To me, cryptography was always something that sounded difficult, complex and required a lot of math to understand. Yet, I was interested in how crypto actually worked. How data gets thrown against an algorithm and suddenly becomes unreadable, which only could be made readable again by using the correct key or credentials.
During penetration tests against web apps, most of the time I come across some kind of encrypted data that is being used in various parameters. I always found it quite daunting to tackle these values and barely attempted to try and attack it, simply because I didn’t understand it enough.
Eventually, this lead me to do some googling on cryptography and this is how I stumbled on the Cryptopals challenges: a practical way of understanding and — most importantly — breaking certain crypto algorithms. I was surprised when I was reading the intro on their website and the authors mention that “most crypto is fatally broken”. I was hooked, this sounded so interesting and sparked my interest even further. And so, my adventure started to learn as much as possible on attacking cryptography.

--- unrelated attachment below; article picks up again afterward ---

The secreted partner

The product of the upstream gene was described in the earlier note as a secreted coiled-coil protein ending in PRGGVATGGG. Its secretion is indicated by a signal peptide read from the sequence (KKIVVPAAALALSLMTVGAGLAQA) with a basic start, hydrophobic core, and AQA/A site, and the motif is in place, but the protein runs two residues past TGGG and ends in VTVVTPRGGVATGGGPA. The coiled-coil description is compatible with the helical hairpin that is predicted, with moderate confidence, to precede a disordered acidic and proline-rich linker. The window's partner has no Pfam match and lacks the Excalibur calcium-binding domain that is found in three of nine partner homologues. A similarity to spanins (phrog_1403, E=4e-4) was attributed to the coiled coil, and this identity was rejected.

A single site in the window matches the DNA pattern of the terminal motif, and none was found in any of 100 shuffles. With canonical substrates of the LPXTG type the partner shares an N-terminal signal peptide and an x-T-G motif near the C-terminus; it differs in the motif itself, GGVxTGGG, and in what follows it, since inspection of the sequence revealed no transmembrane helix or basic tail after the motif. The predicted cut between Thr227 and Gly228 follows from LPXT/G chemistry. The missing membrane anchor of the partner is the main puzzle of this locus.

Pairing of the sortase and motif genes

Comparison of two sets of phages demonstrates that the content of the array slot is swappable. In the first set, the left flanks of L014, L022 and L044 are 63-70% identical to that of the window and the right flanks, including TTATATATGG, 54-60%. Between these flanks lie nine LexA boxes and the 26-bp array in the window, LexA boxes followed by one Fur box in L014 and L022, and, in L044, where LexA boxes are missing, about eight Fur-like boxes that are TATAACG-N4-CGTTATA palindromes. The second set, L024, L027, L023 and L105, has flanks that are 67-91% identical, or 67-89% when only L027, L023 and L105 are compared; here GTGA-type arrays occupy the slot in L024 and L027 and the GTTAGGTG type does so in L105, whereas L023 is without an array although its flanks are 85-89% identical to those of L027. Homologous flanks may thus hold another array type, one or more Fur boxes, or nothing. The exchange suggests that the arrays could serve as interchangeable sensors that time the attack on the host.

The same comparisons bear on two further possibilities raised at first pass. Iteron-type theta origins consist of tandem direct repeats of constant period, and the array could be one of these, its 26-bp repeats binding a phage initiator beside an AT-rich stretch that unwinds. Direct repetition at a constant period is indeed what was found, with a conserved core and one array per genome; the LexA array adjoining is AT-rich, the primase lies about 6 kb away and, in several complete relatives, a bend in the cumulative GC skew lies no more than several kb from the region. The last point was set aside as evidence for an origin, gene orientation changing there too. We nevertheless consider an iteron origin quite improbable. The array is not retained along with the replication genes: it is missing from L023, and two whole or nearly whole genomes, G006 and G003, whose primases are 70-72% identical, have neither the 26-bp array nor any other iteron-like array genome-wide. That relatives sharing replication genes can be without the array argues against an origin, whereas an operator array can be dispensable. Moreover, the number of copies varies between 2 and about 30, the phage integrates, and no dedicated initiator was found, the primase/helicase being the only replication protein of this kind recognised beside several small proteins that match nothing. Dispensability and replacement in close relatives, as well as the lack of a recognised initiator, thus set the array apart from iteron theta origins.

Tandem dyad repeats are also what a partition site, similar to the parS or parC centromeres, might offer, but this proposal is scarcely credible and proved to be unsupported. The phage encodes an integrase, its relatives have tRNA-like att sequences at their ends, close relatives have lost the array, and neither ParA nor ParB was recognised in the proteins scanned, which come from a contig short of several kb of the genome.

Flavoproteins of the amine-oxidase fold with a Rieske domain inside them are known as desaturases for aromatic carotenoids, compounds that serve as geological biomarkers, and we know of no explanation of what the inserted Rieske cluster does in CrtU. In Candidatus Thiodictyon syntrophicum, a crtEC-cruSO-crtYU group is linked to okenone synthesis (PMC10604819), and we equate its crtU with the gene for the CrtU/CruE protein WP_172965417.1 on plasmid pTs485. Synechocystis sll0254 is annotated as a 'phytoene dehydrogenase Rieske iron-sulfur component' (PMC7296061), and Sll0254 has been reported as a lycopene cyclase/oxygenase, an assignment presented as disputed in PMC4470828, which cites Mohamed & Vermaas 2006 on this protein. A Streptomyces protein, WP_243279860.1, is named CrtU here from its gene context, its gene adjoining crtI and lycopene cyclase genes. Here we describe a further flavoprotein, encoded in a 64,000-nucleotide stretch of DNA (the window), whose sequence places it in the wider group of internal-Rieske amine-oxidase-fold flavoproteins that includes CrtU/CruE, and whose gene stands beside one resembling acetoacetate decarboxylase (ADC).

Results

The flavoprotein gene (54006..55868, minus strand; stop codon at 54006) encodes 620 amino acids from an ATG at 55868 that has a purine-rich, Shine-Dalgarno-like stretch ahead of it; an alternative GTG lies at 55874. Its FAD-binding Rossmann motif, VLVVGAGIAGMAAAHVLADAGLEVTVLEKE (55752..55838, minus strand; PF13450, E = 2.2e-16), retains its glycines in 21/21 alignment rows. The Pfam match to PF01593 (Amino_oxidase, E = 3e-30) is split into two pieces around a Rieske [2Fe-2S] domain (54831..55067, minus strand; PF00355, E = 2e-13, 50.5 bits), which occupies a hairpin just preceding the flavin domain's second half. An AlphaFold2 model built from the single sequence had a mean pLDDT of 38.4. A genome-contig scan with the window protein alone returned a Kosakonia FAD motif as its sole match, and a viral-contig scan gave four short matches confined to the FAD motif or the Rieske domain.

The challenges require you to do a lot of scripting / coding. The authors mentioned that, while doing the Cryptopals challenges, it is a good way to learn a new language. As I was already quite fluent in Python, I decided to write my code in C#. I had no experience with C# before and I thought that it was a good idea to pick up a .NET language.
Small disclaimer: I’m not a developer. So please don’t judge me if you see any spaghetti code in my write-ups. The goal for me is to understand the concepts of crypto and being able to attack them. Not to write sleek and optimal code.
Below is a list of all the Cryptopals sets that I’ve completed. They include the solution for each challenge along with the code that I’ve used and a detailed explanation on my thought process.
A detailed write-up on the first set of the Cryptopals challenges.